Mitigation potential of soil carbon management overestimated by neglecting N2O emissions
In this paper, researchers from the Joint Research Centre of the European Commission investigate the extent to which variation in nitrous oxide (N2O) emissions may offset or enhance the mitigation effects of carbon sequestration in arable European soils. They employ a biogeochemical model with input data from ~8000 soil sampling locations to quantify CO2 and N2O flux associated with different agricultural practices aimed at carbon (C) mitigation.
The authors begin by outlining the aims of the 4 per 1000 initiative and the evidence that there is potential for targeted management practices to increase biophysical carbon storage in soil (soil organic carbon, SOC) as part of carbon mitigation practices. The core premise of the research is that practices aimed at increasing SOC are highly likely to also affect nitrogen (N) cycling in the soil, as the C and N cycles are closely linked, and in particular may alter N2O emissions. They note the complexity of estimating N2O emissions and of working out possible trade-offs between N2O emissions and C sequestration actions. C sequestration is known to saturate over time but N2O emissions could remain high, calling into question the overall greenhouse gas (GHG) mitigation effectiveness of SOC sequestration practices.
The researchers developed a biogeochemical model based on ~8000 arable soil sampling locations across the EU from the EU’s most extensive harmonised land use and soil inventory network, the LUCAS survey. The model is driven by measured soil characteristics and incorporates the RCP4.5 climate change scenario. Within the model, the researchers simulate two alternative mitigation practices starting in 2016: 1) integrated crop residue retention and lower soil disturbance (IRS management), and 2) a situation where N-fixing cover crops are grown before the main crop (CC management). The reported outputs of the simulations were in terms of cumulative net GHG fluxes (i.e. tonnes of CO2 equivalent, CO2 eq., sequestered over time) and the carbon sequestration offset (CSO) effect of N2O emissions: that is, the effect of changing N2O emissions on the C sequestration effect. Positive CSO values indicate that the C sequestration effect is lessened due to increased N2O emissions (with 100% CSO indicating that this effect has been strong enough to totally offset the C sequestration effect, resulting in soils being a net source of GHGs), while negative values indicate an additional mitigation effect (i.e. the SOC sequestration effect is augmented by lower N2O emissions). They also investigated changes in crop yield related to changes in soil carbon content.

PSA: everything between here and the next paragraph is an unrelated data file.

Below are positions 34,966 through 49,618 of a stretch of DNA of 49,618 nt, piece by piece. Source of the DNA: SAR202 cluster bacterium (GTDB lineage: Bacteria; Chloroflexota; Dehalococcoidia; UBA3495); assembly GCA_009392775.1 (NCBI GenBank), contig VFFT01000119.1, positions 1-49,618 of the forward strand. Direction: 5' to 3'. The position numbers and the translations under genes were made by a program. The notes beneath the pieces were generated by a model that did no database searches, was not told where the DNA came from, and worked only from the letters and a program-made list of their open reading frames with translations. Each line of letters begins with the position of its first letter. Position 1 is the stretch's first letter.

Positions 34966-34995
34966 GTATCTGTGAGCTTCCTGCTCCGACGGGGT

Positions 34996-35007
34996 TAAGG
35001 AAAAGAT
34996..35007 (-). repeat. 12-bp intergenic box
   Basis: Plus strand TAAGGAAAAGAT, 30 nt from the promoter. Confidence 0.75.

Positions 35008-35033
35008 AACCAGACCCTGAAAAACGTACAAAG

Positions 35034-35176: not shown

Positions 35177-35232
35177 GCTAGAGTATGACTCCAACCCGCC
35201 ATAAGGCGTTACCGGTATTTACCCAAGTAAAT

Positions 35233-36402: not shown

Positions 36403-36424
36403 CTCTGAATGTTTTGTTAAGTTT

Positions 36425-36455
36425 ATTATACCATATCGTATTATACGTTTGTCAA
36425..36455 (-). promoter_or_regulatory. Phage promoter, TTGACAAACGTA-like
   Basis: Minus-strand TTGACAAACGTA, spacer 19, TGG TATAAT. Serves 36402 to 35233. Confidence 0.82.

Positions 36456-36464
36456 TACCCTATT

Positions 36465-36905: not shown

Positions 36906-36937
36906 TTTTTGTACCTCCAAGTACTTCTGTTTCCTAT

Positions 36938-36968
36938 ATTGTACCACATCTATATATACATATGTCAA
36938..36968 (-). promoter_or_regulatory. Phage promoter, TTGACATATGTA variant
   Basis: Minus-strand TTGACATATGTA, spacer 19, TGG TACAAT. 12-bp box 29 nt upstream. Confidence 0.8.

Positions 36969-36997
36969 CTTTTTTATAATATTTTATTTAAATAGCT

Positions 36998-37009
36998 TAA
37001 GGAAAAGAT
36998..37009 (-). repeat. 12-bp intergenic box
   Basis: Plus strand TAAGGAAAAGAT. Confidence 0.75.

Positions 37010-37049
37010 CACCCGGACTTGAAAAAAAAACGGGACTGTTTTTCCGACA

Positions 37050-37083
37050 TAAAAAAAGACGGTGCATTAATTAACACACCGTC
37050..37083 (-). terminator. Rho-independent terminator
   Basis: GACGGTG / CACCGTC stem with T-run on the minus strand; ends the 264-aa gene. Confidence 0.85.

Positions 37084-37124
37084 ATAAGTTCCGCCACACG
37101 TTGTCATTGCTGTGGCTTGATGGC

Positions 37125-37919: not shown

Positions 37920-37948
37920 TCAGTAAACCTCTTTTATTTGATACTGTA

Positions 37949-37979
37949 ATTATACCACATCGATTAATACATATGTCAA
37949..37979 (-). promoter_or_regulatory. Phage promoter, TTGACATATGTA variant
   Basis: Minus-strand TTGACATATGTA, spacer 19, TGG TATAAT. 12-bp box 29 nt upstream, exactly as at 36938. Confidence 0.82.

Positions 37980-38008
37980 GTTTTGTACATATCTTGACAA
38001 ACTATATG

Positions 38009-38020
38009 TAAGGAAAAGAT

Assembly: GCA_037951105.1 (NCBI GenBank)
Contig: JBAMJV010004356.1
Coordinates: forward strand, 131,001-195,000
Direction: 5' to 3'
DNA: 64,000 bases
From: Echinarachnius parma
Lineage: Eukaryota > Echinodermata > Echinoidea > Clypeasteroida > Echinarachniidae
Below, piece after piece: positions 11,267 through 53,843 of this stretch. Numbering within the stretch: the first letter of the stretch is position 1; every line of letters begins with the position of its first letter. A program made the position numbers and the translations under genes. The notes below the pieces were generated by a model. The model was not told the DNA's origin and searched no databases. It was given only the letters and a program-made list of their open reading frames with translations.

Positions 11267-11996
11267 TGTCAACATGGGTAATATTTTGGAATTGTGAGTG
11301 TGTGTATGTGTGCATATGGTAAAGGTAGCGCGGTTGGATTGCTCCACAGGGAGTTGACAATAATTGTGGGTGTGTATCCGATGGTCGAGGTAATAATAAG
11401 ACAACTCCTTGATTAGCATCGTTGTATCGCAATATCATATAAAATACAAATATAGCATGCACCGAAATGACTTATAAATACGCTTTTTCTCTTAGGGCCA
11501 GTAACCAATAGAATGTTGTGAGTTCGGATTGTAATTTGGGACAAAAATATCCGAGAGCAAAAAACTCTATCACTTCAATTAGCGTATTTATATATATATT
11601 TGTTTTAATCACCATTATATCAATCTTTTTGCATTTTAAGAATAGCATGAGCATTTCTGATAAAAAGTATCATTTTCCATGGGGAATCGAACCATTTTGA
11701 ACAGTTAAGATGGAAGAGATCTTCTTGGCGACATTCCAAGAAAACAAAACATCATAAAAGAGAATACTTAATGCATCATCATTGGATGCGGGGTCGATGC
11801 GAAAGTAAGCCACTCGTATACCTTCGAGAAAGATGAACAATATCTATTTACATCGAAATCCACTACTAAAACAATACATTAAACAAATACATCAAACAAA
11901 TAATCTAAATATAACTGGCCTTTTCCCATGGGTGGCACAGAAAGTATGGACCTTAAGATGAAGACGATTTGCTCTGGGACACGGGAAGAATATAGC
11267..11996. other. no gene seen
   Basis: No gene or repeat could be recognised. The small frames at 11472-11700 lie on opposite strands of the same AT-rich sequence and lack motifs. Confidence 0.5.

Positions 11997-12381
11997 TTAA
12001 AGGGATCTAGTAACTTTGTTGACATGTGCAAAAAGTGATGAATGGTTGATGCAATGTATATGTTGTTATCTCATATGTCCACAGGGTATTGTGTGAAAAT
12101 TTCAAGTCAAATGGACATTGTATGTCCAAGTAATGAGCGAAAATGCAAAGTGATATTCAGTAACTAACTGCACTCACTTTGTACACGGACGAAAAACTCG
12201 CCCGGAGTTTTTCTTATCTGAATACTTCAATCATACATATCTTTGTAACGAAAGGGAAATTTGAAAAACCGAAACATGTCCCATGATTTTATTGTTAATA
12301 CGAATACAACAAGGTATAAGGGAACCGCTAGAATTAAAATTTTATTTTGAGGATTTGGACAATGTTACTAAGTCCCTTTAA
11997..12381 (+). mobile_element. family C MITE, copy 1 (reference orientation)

The key findings of the simulations were:
- IRS scenario:
- SOC increased asymptotically to 2050, reaching equilibrium thereafter, with average cumulative SOC gains of 7.9 and 10.8 tonnes CO2 eq. per ha by 2040 and 2100, respectively.
- Until 2100, the geographical variability in SOC sequestration was higher than its change over time.
- In different locations, N2O emissions were either increased or decreased with an average zero change over all.
- By 2040, about 50% of locations had negative CSO values (i.e. reduced N2O emissions augmenting C sequestration) and only a small number of locations reaching 100% CSO (i.e. net GHG emissions due to increased N2O emissions).
- Crop yields did not change significantly as a result of IRS management.
- CC scenario:
- The soil fluxes showed a much larger range than under the IRS scenario.
- SOC sequestration was promoted by the cover crops, with average cumulative SOC gains of 19.4 and 28.1 tonnes of CO2 eq. per ha by 2040 and 2100 respectively.
- Unlike in the IRS scenario, the geographic variability in SOC sequestration was overtaken by the cumulative change over time by as early as 2040 as the effect of the management was much stronger.